One catch — there’s no actual weed at his demonstration.
Marijuana aficionados paid $250 for a weekend-long celebration of marijuana and food, yet state and city regulations prohibit any “open and public” use of the drug, even at licensed businesses holding private events.
It’s a strange dichotomy. The nascent marijuana industry in Colorado is moving well beyond just pot brownies. Dispensaries are doing a booming trade in cookbooks, savory pot foods and frozen takeout dishes that incorporate the drug. But for now, halting attempts at creating a marijuana dining scene have had mixed results.
Colorado may have legalized marijuana, but it still prohibits “on-site consumption,” a caveat aimed at preventing Amsterdam-style coffee shops where pot can be purchased and consumed in the same place. Recreational or medical marijuana is now legal in 23 states and Washington, DC. — though each state prohibits on-site consumption and pot sales in bars or restaurants.
As Colorado’s recreational industry nears its first anniversary, authorities increasingly are cracking down on attempts to push the pot-dining envelope.
The city of Denver, where the marijuana industry is concentrated, wrote 668 tickets for “open and public consumption” through September, up from 117 the year before, when marijuana was legal, but sales were not. And the county that includes Colorado Springs is trying to crack down on so-called “smoke-easys,” or private clubs that allow marijuana use, sometimes paired with refreshments.
Even private events at restaurants aren’t safe. Denver authorities are using permit codes and alcohol laws to fine and even press charges against people trying to throw private events at which pot foods are served.
The result has been that chefs interested in infusing foods with pot, or pairing regular dishes with certain strains thought to accent a particular flavor, are unable to try it outside catered events at private homes. Even chefs who will talk publicly about doing “medicated” catered house parties, like Lanter, are skittish about sharing details.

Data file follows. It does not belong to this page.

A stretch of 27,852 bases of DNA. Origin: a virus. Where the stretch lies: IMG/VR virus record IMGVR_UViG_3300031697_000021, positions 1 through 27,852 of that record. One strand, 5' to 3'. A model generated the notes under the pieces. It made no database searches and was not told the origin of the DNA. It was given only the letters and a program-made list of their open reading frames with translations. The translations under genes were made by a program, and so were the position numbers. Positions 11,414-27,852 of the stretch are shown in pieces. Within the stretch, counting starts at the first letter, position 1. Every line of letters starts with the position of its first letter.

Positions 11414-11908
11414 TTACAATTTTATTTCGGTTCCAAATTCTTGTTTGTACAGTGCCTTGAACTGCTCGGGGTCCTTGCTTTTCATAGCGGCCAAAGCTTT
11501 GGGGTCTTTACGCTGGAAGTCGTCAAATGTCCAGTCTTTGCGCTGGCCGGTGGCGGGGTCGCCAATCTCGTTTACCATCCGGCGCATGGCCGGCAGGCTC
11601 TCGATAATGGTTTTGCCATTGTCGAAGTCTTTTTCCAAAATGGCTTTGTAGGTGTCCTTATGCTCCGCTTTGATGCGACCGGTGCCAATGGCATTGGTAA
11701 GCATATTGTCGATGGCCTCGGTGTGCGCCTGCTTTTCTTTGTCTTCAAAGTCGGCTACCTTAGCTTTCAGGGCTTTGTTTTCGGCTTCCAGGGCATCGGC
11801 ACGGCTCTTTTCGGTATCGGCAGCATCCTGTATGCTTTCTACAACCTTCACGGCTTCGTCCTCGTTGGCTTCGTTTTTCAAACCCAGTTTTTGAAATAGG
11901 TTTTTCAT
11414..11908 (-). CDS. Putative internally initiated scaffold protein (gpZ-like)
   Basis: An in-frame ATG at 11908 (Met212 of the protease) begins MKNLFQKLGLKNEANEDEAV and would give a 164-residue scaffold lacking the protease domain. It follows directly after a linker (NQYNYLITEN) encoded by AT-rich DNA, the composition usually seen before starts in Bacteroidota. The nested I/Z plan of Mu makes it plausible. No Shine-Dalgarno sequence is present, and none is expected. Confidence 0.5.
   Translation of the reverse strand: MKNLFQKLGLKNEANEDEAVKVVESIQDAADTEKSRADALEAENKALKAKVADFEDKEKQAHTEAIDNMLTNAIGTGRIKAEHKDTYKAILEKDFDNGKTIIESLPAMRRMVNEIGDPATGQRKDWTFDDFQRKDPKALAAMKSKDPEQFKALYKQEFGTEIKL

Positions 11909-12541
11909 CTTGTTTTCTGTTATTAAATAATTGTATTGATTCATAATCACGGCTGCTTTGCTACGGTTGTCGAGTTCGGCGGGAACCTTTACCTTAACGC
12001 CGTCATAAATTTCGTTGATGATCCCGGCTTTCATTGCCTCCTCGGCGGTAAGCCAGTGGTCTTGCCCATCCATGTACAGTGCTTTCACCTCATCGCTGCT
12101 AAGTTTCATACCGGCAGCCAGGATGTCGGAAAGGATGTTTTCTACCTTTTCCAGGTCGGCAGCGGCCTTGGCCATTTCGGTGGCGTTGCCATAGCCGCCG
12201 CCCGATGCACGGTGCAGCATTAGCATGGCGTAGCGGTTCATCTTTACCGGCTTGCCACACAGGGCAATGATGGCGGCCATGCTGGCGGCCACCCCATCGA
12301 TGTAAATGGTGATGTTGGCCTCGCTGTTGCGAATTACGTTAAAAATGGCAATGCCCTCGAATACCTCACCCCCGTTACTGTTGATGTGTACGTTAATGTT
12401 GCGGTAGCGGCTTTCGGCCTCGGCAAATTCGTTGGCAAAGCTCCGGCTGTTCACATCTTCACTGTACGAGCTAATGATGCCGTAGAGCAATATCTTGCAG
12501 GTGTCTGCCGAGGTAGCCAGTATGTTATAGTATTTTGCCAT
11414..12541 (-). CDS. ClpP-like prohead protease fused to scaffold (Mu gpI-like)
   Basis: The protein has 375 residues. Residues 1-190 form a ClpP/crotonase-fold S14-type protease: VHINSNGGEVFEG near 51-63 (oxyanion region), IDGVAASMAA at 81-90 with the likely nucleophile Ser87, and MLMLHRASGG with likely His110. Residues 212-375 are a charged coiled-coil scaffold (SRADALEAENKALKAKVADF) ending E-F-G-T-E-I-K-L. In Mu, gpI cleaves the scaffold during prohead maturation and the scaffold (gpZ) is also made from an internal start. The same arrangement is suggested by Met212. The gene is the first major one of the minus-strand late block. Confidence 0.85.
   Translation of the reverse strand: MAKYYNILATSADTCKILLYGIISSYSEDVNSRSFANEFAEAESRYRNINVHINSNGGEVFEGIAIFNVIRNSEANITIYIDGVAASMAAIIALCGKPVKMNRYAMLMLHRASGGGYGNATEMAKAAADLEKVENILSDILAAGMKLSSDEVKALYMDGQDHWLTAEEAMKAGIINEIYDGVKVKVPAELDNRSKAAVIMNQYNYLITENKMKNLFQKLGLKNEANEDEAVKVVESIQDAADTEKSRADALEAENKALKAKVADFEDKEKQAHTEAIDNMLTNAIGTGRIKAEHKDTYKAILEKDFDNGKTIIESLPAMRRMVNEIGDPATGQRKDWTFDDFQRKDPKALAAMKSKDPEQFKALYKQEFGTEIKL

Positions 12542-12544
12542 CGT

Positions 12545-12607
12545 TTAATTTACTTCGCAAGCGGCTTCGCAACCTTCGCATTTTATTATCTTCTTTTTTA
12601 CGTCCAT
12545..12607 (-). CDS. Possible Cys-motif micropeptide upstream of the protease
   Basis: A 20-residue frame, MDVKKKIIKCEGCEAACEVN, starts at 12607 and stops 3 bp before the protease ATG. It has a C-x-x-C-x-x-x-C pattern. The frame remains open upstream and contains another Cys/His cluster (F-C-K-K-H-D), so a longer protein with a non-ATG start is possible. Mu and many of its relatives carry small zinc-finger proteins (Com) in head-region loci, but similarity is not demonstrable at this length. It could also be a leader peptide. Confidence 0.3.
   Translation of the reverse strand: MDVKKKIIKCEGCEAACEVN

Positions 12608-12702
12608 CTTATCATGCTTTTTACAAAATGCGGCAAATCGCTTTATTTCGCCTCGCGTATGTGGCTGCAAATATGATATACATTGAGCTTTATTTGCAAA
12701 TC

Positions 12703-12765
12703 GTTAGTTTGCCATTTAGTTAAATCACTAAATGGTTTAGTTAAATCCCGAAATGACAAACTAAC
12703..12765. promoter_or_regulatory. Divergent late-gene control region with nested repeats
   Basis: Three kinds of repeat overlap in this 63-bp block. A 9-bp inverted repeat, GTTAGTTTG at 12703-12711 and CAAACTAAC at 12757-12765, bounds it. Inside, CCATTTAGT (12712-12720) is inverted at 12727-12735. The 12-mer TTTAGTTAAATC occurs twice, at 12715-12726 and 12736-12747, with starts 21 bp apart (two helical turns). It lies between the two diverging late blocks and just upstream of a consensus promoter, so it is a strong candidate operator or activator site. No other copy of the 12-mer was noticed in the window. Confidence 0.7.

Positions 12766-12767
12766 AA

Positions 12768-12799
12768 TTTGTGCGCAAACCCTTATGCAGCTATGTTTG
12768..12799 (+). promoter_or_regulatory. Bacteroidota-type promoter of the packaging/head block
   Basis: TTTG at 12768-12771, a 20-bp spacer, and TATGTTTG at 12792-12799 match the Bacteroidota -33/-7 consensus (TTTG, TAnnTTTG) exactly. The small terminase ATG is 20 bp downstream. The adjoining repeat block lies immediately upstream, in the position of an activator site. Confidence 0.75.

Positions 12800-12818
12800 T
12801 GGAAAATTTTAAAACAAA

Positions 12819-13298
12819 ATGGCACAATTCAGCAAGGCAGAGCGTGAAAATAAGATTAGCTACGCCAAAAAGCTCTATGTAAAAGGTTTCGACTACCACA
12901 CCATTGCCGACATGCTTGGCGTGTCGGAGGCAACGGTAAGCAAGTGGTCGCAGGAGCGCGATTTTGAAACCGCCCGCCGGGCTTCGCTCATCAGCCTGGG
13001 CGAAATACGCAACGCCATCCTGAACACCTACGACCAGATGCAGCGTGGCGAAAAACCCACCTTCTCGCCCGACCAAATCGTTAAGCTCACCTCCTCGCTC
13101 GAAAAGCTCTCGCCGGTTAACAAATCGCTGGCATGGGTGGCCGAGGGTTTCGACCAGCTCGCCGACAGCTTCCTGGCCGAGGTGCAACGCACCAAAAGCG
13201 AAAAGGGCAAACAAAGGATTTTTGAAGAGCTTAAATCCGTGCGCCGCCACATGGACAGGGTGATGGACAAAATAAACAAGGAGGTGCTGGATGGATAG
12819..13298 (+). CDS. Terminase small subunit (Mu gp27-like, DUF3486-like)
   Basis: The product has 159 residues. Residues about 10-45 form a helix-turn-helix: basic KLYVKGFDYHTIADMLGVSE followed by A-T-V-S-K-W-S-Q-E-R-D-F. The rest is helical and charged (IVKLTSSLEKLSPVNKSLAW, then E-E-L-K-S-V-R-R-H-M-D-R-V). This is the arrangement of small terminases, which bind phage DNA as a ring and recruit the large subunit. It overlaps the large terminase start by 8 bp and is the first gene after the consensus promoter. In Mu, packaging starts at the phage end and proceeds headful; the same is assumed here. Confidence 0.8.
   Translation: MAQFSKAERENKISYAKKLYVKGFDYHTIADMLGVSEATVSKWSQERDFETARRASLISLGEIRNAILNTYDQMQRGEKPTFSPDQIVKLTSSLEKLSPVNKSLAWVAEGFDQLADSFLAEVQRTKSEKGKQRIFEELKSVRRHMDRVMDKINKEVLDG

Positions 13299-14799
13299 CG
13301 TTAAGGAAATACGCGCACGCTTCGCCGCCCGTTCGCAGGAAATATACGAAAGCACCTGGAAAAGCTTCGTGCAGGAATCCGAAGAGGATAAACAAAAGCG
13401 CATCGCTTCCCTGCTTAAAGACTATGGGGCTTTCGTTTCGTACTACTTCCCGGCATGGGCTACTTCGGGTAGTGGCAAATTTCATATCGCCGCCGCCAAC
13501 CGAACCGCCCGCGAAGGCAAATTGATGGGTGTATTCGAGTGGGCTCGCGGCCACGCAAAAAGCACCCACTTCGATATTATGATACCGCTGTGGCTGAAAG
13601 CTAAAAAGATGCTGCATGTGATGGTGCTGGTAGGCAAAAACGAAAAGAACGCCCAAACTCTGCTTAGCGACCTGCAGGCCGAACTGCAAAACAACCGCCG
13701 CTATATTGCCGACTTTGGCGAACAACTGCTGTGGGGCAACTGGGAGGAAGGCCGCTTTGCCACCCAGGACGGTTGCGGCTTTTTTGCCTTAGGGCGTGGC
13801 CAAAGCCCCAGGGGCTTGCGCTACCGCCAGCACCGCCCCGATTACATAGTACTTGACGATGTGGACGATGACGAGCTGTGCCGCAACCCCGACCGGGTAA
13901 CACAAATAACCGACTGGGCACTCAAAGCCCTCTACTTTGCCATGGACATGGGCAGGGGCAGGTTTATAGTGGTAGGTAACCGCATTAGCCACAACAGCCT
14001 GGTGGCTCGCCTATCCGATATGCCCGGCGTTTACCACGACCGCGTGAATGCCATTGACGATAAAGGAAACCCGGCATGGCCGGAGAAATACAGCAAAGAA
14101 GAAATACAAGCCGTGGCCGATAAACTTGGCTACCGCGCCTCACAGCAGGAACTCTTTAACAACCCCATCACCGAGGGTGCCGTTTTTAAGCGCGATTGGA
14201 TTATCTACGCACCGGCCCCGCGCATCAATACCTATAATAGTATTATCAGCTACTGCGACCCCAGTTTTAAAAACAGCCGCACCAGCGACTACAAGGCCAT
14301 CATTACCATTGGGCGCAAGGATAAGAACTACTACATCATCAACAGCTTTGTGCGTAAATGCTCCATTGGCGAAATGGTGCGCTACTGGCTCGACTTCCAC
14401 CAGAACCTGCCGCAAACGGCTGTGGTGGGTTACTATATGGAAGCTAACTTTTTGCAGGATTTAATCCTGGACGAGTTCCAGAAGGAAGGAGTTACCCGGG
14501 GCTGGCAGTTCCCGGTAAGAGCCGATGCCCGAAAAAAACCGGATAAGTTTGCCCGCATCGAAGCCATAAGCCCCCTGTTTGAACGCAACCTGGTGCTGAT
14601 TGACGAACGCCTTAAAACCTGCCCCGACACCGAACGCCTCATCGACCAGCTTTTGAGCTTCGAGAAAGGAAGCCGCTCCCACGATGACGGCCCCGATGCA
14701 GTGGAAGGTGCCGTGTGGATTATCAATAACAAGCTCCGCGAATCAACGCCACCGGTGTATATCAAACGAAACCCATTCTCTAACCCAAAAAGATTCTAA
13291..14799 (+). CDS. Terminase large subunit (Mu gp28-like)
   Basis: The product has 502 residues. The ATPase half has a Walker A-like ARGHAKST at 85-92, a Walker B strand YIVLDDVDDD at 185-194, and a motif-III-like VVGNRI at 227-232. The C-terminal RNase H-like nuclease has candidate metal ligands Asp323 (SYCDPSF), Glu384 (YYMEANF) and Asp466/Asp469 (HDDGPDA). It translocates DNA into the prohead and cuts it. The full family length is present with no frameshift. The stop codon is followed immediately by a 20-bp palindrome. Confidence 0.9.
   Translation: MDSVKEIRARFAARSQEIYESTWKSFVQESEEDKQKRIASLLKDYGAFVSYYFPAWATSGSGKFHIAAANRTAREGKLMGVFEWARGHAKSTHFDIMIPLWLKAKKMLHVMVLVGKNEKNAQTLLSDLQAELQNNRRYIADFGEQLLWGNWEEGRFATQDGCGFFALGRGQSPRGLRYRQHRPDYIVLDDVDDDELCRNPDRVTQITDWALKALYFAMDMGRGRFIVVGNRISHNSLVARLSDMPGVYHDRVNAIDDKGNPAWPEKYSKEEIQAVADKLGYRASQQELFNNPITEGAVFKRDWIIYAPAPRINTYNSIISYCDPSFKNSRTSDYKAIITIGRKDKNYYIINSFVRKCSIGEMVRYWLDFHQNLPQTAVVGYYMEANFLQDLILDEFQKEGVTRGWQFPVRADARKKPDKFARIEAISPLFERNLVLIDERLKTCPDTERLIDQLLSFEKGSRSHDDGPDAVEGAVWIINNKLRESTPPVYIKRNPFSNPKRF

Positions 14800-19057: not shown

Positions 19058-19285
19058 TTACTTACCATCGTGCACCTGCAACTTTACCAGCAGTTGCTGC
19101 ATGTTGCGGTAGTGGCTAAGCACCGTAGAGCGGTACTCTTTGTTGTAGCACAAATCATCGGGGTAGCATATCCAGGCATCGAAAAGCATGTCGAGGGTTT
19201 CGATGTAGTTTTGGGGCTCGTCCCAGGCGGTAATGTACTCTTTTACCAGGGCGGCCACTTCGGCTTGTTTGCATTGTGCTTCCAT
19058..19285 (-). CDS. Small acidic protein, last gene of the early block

“There’s so much potential here, and the interest is unbelievable. But right now, everybody’s kind of scared to be doing it,” says Lanter, owner and executive chef at Aspen’s tony Cache Cache restaurant.
Which isn’t to say folks aren’t experimenting with the limits of the law.
A bed-and-breakfast in Denver offers guests samples of cannabis strains alongside regular breakfast dishes. Guests at The Adagio get marijuana samples at daily happy hours, too, where strains of pot are paired with crudites and bacon-wrapped chicken bites, complete with tasting note presentations from growers.
“It’s a way to bring our guests together and move away from campy, stereotypical pot foods,” says Joel Schneider, CEO of the MaryJane Group, which operates two marijuana-friendly hotels.
But Schneider has to be careful. The pot he hands out goes only to paying hotel guests over 21, allowing him to argue the tastings aren’t public. His attempts to do more public events have been shut down by police. He also avoids serving any foods that contain marijuana, something that could land him a criminal citation.
Chefs worried about criminal charges point to Amy Dannemiller, owner of Denver-based Edible Events, which helped organized last summer’s cannabis-friendly concerts with the Colorado Symphony Orchestra. Dannemiller, known professionally as Jane West, recently pleaded guilty to an alcohol charge related to her upscale bring-your-own marijuana parties.
The events were held at tony bars and art galleries, where guests paid $95 or more for an open bar and a place to use marijuana. Dannemiller received a deferred six-month sentence. Now she is pushing for a new law to clarify how marijuana can be consumed at adults-only events.
Foodies interested in marijuana dining insist the law eventually will change to permit cannabis dining. They say the drug pairs well with food and that public acceptance will grow once people stop associating cannabis dining with brownies and junk-food munchies.
Back at Lanter’s event in Aspen, one attendee had good reason for optimism about fine dining with cannabis. Marcy DiSalvo attended the first iteration of Aspen’s noted Food & Wine Classic, held in 1983, and found similarities with this year’s cannabis cooking celebration, called the Cannabis Grand Cru.
“You know, it was a lot like this – just a couple hundred people getting together to talk about their love of food. And wine. Or in this case, marijuana,” DiSalvo said. “This is classy. It’s done right. It’s not a bunch of stoners; it’s people with a gourmet approach.”
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